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Guide to U.S. Health and Health Care Policy provides the analytical connections showing students how issues and actions are translated into public policies and institutions for resolving or managing health care issues and crises, such as the recent attempt to reform the national health care system. The Guide highlights the decision-making cycle that requires the cooperation of government, business, and an informed citizenry in order to achieve a comprehensive approach to advancing the nation’s health care policies. Through 30 topical, operational, and relational essays, the book addresses the development of the U.S. health care system and policies, the federal agencies and public and private organizations that frame and administer those policies, and the challenges of balancing the nation’s health care needs with the rising costs of medical research, cost-effective treatment, and adequate health insurance. Key Features: The 30 topical essays investigate the fundamental political, social, economic, and procedural initiatives that drive health and health care policy decisions affecting Americans at the local, regional, and national levels Essential themes traced throughout the chapters include providing access to health care, national and international intervention, nutrition and health, human and financial resource allocation, freedom of religion versus public policy, discrimination and health care policy, universal health care coverage, private health care versus publicly funded health care, and the immediate and long-term costs associated with disease prevention, treatment, and health maintenance A Glossary of Key Health Care Policy Terms and Events, a selected Master Bibliography, and a thorough Index are included. This must-have reference for political science and public policy students who seek to understand the issues affecting health care policy in the U.S. is suitable for academic, public, high school, government, and professional libraries.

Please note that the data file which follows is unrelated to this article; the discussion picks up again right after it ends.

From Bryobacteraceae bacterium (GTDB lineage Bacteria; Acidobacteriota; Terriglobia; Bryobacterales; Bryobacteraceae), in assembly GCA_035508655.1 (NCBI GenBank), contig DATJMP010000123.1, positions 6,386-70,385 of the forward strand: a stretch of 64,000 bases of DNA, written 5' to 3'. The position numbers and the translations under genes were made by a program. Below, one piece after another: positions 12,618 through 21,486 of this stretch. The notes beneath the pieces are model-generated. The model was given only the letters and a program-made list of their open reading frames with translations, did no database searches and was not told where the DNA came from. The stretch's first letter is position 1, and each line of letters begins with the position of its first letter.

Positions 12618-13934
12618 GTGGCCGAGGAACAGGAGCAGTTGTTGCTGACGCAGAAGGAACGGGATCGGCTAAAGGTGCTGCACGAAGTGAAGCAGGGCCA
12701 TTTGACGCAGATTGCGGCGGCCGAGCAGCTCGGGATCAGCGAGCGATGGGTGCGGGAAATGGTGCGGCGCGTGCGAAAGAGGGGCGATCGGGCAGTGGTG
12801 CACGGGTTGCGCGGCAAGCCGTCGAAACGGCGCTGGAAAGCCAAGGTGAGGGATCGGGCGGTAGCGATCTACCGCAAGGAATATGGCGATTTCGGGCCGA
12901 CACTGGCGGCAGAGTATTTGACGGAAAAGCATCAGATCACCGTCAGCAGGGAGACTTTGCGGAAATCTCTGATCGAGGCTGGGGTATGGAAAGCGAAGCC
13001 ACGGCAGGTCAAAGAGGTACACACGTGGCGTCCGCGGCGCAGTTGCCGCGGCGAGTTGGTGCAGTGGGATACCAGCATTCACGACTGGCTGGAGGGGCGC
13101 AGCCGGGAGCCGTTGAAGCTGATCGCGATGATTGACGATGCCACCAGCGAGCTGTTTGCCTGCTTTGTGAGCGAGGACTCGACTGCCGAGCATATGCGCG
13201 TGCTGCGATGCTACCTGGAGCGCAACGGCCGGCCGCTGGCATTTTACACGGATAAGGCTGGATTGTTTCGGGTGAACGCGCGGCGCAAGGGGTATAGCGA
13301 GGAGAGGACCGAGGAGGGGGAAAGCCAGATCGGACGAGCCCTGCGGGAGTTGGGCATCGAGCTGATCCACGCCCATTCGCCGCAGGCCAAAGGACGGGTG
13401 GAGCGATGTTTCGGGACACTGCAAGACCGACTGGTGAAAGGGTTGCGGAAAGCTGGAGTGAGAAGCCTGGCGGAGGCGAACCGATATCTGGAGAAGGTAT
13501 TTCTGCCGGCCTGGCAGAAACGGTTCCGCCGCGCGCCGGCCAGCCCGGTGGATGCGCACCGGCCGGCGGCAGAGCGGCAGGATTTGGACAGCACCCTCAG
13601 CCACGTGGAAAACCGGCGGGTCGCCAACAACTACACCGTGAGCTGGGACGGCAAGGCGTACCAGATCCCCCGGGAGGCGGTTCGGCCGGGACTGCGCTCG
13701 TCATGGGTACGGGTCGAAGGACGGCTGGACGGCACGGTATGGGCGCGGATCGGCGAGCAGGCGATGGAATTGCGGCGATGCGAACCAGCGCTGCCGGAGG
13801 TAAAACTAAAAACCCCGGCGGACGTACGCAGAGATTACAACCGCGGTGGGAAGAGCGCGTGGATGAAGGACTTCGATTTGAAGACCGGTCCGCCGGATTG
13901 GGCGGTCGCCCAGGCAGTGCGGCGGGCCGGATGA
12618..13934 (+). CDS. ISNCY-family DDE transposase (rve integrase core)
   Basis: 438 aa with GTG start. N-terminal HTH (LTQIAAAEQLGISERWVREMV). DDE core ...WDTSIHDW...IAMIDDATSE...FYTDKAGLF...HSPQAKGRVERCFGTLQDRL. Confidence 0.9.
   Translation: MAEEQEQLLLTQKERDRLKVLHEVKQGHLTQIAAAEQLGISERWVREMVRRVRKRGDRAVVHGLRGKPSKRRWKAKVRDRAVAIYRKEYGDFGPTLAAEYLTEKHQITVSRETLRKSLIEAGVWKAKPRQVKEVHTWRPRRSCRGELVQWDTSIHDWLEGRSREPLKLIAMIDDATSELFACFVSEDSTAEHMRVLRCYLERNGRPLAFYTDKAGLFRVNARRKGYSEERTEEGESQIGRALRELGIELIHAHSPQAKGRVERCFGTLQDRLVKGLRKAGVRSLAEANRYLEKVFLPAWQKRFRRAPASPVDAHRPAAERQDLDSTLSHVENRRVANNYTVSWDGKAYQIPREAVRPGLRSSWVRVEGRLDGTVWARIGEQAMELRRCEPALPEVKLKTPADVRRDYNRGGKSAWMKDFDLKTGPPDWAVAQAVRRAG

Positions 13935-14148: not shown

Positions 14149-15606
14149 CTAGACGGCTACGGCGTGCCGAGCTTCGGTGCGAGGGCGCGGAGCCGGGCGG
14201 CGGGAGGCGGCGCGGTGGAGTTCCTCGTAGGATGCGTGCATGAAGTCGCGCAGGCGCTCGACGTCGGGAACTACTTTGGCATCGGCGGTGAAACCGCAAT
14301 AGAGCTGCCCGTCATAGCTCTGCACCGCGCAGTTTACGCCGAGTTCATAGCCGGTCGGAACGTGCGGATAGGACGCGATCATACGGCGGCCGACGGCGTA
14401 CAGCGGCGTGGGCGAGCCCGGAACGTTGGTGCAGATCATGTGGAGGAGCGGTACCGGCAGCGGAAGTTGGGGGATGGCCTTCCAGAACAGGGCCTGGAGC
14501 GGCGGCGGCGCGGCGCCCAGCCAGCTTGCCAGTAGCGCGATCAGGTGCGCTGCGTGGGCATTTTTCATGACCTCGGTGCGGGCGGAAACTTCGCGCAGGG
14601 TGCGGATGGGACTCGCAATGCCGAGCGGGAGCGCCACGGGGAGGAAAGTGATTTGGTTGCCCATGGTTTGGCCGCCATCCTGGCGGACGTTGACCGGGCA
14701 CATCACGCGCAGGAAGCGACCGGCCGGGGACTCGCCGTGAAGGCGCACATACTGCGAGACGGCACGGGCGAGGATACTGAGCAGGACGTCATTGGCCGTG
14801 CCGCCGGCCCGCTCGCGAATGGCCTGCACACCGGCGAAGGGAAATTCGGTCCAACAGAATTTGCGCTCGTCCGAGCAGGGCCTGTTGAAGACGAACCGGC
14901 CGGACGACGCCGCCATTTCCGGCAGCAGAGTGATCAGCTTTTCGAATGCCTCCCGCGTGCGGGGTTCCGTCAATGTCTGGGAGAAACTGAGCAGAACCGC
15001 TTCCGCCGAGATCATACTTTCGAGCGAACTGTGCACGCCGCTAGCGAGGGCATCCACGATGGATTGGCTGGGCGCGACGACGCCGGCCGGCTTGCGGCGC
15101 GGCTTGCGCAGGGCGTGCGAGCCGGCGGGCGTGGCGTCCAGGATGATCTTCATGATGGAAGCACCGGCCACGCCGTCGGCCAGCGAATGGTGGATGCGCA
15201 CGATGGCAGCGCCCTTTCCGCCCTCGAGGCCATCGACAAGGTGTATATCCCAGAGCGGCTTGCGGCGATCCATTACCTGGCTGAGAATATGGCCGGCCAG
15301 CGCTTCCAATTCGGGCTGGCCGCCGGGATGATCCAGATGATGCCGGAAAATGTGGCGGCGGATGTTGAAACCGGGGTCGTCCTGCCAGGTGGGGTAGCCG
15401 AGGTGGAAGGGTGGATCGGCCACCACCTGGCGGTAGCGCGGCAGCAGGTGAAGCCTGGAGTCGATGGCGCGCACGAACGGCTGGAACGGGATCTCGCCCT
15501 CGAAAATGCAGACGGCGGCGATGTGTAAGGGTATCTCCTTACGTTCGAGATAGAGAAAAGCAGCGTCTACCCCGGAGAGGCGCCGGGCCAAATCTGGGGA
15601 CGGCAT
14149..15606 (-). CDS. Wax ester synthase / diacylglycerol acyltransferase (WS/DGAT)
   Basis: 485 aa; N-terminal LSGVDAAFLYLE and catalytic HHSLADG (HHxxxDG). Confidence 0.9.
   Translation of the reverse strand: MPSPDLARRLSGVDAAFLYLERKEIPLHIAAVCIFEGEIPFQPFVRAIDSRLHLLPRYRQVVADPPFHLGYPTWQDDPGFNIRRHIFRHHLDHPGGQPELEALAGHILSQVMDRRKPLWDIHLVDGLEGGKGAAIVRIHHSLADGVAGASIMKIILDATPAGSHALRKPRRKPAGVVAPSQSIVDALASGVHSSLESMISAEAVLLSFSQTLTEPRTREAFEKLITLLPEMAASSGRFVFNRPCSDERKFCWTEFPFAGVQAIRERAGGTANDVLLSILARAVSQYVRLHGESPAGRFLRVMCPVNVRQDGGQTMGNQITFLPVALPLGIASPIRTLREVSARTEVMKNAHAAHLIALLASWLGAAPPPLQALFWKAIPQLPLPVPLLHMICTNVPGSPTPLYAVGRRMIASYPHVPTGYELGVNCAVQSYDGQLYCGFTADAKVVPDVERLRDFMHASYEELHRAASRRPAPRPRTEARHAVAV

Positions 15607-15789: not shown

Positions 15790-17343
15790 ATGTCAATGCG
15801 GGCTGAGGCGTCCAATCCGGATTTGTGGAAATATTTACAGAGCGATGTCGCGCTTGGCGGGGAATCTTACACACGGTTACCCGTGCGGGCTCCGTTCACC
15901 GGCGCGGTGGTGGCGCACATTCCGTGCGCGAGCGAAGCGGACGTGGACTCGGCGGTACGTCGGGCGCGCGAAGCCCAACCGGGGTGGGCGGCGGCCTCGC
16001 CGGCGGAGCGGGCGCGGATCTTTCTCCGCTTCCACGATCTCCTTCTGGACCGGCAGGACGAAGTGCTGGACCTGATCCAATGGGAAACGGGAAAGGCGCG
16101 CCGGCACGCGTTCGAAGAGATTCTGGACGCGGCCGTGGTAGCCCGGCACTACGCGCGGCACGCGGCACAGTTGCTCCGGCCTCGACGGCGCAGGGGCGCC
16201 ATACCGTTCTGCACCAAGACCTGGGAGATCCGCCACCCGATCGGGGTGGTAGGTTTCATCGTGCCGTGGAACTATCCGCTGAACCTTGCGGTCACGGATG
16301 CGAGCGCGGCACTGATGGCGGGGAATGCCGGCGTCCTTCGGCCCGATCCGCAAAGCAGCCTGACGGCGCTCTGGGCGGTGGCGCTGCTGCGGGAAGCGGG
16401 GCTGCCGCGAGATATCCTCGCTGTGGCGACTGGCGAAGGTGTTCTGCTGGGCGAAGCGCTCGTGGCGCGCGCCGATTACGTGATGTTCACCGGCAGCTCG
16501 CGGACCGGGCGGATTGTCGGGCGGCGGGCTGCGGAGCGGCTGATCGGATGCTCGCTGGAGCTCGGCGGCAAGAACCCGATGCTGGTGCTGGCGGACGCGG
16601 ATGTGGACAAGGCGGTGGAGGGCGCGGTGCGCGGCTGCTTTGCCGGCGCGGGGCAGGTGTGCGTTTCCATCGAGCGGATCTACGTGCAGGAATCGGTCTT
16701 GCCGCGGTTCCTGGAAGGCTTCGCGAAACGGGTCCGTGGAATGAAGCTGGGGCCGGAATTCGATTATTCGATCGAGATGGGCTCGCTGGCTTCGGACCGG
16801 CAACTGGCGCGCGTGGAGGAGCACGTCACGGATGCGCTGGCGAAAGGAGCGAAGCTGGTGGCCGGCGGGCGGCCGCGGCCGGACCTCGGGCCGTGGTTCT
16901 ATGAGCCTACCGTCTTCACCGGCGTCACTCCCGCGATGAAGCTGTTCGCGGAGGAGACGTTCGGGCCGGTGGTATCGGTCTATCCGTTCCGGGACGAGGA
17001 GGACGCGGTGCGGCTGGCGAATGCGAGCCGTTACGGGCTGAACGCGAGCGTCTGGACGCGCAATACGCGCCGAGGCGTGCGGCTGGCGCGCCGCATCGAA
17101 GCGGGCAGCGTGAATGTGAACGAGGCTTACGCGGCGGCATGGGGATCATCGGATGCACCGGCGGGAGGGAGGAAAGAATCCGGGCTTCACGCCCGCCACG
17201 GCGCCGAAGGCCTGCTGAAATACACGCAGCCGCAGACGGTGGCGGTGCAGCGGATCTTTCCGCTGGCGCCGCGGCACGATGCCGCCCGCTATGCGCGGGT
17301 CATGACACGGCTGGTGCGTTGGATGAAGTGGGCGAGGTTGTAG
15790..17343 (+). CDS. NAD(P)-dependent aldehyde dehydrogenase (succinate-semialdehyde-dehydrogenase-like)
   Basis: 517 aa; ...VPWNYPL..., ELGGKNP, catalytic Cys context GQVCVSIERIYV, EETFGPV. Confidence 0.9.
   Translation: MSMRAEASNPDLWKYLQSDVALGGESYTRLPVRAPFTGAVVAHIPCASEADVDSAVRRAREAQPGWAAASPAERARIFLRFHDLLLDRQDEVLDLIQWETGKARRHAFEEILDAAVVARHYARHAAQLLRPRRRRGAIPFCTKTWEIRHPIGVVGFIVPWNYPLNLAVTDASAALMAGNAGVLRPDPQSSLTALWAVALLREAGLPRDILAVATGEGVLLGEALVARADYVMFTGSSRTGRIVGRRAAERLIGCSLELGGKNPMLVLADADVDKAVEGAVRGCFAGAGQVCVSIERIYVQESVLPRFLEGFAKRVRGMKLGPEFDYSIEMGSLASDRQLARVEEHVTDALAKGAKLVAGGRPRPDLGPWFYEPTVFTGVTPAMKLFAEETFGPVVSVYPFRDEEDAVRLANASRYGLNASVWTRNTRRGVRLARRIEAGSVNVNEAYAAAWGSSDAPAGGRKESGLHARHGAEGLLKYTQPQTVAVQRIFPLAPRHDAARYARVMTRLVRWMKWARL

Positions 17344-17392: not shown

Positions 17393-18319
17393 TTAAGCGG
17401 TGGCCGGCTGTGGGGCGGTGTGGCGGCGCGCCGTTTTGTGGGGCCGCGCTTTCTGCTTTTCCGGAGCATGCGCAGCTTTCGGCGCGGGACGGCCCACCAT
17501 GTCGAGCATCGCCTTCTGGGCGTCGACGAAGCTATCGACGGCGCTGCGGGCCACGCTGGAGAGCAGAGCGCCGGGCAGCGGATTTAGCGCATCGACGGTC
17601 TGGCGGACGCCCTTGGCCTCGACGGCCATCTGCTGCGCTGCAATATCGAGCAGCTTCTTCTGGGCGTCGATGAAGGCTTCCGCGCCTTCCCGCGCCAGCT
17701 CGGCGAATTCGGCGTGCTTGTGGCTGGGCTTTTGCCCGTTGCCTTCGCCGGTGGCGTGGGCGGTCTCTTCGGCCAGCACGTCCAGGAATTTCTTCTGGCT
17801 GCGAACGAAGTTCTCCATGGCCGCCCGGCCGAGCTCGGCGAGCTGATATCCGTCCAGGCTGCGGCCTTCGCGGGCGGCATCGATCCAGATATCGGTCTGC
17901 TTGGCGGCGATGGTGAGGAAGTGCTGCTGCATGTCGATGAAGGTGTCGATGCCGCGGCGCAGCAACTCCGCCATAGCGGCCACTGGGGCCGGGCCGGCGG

Health Policy Federalism And The American States

Author: Robert F. Rich
Publisher: Urban Inst Pr
ISBN:
Size: 30.53 MB
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As we begin the 21st century, health care policy remains a central part of the federalism debate. The rising cost of care, the growing recognition of the many millions of Americans who lack health insurance, and the innovation in state Medicaid programs in the 1980s with new ways of financing and delivering care give new urgency to the question of how to best divide public responsibilities between the federal government and the states. In this book, leading health policy scholars explore theories of intergovernmental relations that provide a useful framework for examining how to divide up the job of providing health care. They assess the capacity of the states to actually implement health care policy changes, and weigh the merits of alternative visions of the role of states and the federal government in health care policy.